Chipinge mother re­lives baby kid­nap­ping or­deal

The Manica Post - - Local News - Luthando Mapepa Chipinge Cor­re­spon­dent

“GIV­ING birth to a first child is one of the most painful ex­pe­ri­ences women go through in life. But the agony of los­ing that baby to a thief af­ter ex­pe­ri­enc­ing such pain is unimag­in­able.”

Th­ese are the words of the 19-yearold Mem­ory Mh­langa whose two­day-old baby was kid­napped by a woman who had posed as a “Good Sa­mar­i­tan” to her at Chipinge District Hos­pi­tal last week.

Mh­langa, of Mus­ab­vunza Vil­lage un­der Chief Mutema, who had been in labour for nearly two weeks thought she had met a friend in Joyce Ma­putire (21), of Chi­man­i­mani.

Un­be­known to her, her new-found friend would soon turn into a foe, who was just af­ter steal­ing her baby.

Mh­langa, who re­united with her baby two days later af­ter po­lice ap­pre­hended the cul­prit de­scribed how her baby was stolen.

“I lost my baby in a well-planned strat­egy by the kid­nap­per. We used to see such cases in African movies but now I can re­late and I be­lieve it can also hap­pen to any one of us.

“I met Ma­putire the day I was ad­mit­ted in the ma­ter­nity ward. She told me that she was ex­pect­ing her own baby and we be­came friends. I gave birth on Fe­bru­ary 28 and the nurses told me that I would be de­tained fur­ther for them to mon­i­tor me since I had given birth through cae­sarean sec­tion,” she said.

She said the nurses also ad­vised her that her baby had to wait for a sur­gi­cal op­er­a­tion to re­move some of the ex­tra fin­gers that she was born with.

Mh­langa said Ma­putire was “God­sent” dur­ing this time as she would bring her sup­plies.

“On sev­eral times she vis­ited my room bring­ing me toi­letries and food to eat. She used to come dur­ing the vis­it­ing hour and most of my rel­a­tives met her and ac­cepted her as­sis­tance.

“I shared ev­ery bit of in­for­ma­tion that I was told by the nurses since she of­fered to as­sist with any­thing needed at hos­pi­tal. I never sus­pected that she would one day dis­ap­pear with my baby,” said Mh­langa.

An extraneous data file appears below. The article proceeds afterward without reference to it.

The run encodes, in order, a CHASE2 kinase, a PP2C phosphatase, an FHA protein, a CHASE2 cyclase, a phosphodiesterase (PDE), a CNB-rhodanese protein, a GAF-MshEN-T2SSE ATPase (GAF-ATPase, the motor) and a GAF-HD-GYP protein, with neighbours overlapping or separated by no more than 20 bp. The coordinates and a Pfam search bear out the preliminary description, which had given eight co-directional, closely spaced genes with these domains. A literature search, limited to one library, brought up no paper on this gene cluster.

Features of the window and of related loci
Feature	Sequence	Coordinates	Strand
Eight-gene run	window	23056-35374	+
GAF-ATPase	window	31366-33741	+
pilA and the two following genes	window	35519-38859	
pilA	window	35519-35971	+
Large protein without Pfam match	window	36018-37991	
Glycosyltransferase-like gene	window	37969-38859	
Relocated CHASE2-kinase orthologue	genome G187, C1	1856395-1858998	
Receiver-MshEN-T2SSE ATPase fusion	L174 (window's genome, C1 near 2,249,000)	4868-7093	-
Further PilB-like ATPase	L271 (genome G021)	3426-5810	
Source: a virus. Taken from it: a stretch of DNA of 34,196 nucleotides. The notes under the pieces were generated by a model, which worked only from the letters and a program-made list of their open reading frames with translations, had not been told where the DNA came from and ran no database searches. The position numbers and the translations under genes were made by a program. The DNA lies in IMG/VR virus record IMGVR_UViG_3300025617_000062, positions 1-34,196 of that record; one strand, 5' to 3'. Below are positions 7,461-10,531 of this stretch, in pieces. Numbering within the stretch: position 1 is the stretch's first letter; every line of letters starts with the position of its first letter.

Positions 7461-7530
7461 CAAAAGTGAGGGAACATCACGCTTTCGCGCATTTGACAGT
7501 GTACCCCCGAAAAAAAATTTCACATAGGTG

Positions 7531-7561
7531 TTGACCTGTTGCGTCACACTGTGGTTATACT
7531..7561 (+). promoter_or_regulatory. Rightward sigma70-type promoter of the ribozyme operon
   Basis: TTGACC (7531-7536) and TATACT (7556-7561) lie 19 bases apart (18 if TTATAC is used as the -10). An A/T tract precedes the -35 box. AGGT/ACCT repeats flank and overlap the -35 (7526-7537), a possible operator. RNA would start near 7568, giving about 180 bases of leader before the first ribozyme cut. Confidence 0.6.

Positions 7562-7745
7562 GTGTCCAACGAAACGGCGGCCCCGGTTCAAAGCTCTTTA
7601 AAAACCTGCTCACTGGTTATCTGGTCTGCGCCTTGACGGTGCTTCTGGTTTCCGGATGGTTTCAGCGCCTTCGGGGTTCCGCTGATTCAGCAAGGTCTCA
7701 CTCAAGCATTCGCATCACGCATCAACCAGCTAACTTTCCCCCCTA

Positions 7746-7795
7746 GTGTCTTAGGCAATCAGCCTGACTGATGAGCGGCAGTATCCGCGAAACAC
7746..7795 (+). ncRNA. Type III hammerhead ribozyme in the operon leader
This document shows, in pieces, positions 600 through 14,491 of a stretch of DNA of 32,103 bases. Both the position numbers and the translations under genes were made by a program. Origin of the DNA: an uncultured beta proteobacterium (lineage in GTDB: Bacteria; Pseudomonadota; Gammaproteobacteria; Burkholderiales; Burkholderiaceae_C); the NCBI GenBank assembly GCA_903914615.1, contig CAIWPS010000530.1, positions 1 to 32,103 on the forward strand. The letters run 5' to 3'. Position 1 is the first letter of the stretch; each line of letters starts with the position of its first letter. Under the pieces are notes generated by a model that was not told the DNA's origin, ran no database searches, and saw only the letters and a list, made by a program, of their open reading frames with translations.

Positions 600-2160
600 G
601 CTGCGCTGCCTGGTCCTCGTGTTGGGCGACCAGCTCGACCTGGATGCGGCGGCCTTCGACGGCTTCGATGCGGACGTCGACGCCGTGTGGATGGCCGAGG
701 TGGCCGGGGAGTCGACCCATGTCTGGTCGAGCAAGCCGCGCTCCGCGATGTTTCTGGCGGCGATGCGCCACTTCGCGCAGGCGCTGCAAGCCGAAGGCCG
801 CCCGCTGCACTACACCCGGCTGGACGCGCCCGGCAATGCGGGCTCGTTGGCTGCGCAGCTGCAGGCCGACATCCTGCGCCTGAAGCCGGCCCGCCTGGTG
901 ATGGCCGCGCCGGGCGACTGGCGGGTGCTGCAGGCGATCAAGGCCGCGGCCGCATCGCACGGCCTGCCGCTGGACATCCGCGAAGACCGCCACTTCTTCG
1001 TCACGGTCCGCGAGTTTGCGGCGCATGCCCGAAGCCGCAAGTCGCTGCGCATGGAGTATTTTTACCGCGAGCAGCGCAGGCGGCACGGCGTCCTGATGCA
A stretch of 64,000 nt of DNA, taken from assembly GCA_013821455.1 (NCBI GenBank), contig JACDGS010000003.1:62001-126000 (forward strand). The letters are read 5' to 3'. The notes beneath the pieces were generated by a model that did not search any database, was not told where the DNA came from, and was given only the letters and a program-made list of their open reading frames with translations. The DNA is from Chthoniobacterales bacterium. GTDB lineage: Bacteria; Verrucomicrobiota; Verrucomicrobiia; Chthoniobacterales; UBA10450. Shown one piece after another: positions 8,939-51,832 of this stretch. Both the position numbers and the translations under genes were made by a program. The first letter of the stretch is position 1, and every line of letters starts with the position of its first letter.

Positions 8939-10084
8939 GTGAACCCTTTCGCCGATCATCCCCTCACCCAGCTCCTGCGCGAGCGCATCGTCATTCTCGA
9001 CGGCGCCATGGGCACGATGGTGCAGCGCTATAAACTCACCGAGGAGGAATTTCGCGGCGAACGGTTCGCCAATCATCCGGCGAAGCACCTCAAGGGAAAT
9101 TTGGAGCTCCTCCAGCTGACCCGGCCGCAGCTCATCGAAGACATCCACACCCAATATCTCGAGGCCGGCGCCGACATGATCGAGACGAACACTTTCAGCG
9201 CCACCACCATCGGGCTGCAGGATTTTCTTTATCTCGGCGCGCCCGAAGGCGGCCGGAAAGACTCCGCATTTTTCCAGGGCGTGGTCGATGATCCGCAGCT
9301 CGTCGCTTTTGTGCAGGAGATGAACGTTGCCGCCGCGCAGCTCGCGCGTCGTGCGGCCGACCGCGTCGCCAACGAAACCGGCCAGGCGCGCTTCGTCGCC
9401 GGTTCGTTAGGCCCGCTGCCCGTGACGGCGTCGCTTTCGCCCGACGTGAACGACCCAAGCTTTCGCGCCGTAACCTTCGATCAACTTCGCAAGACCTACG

“Then on the day we were sup­posed to go for the surgery, Joyce was there ex­plain­ing how the baby’s ex­tra fin­gers would be re­moved. She told my mother-in-law and other rel­a­tives to stay be­hind as there was no need for many peo­ple to ac­com­pany us to the the­atre.”

Upon ar­rival at the the­atre, the dis­traught mother said Joyce told her to go back to the ward to col­lect some doc­u­ments needed by the doc­tors not know­ing that it was the be­gin­ning of a try­ing time for her and her fam­ily.

“I was sur­prised to find no one when I got back. I later asked some peo­ple in the out­pa­tient sec­tion where one woman told me that she had seen Joyce board­ing a Honda fit that was parked and it drove off. That is when I raised alarm and we re­ported the mat­ter to po­lice,” she said.

As luck would have it, there was one per­son at the hos­pi­tal who knew the kid­nap­per and as­sisted po­lice with de­tails that led to her cap­ture. Mh­langa’s mother-in-law Elsie Mu­tama, still can­not be­lieve that the fam­ily would be re­united with the baby.

“Af­ter re­ceiv­ing the bad news that my son’s baby had been stolen, we vis­ited three faith heal­ers and all of them told us that blood had al­ready been spilled.

“We were re­lieved when we re­ceived a call from the po­lice who told us that the baby was in Chi­man­i­mani,” she said.

On ar­rival in Chi­man­i­mani, Joyce was in­ter­ro­gated and she con­fessed ev­ery­thing. She sur­ren­dered the baby, who had al­ready been chris­tened Joseph, af­ter Joyce’s fa­therin-law.

“We have since re­named him Daniel, be­cause like the bib­li­cal Daniel, he es­caped from the lion’s den,” said Gogo Mu­tama.

She said po­lice found the baby’s health card and a stamped birth record from the hos­pi­tal among Joyce’s belongings.

Ap­par­ently, she had been feed­ing lit­tle Daniel with a baby for­mula as she could not breast­feed.

“When she was in­ter­ro­gated, she re­vealed that she had hatched the plan to steal a baby with a lo­cal prophet whom she had vis­ited,” said Gogo Mu­tama.

Joyce has since ap­peared be­fore Chipinge mag­is­trate Mr Poterai Gwezhira and was sen­tenced to four years in prison, of which 12 months were sus­pended on good be­hav­iour.

Mh­langa (right) with her mother-in-law gogo Mu­tama hold­ing the baby. — Pic­ture by Luthando Mapepa

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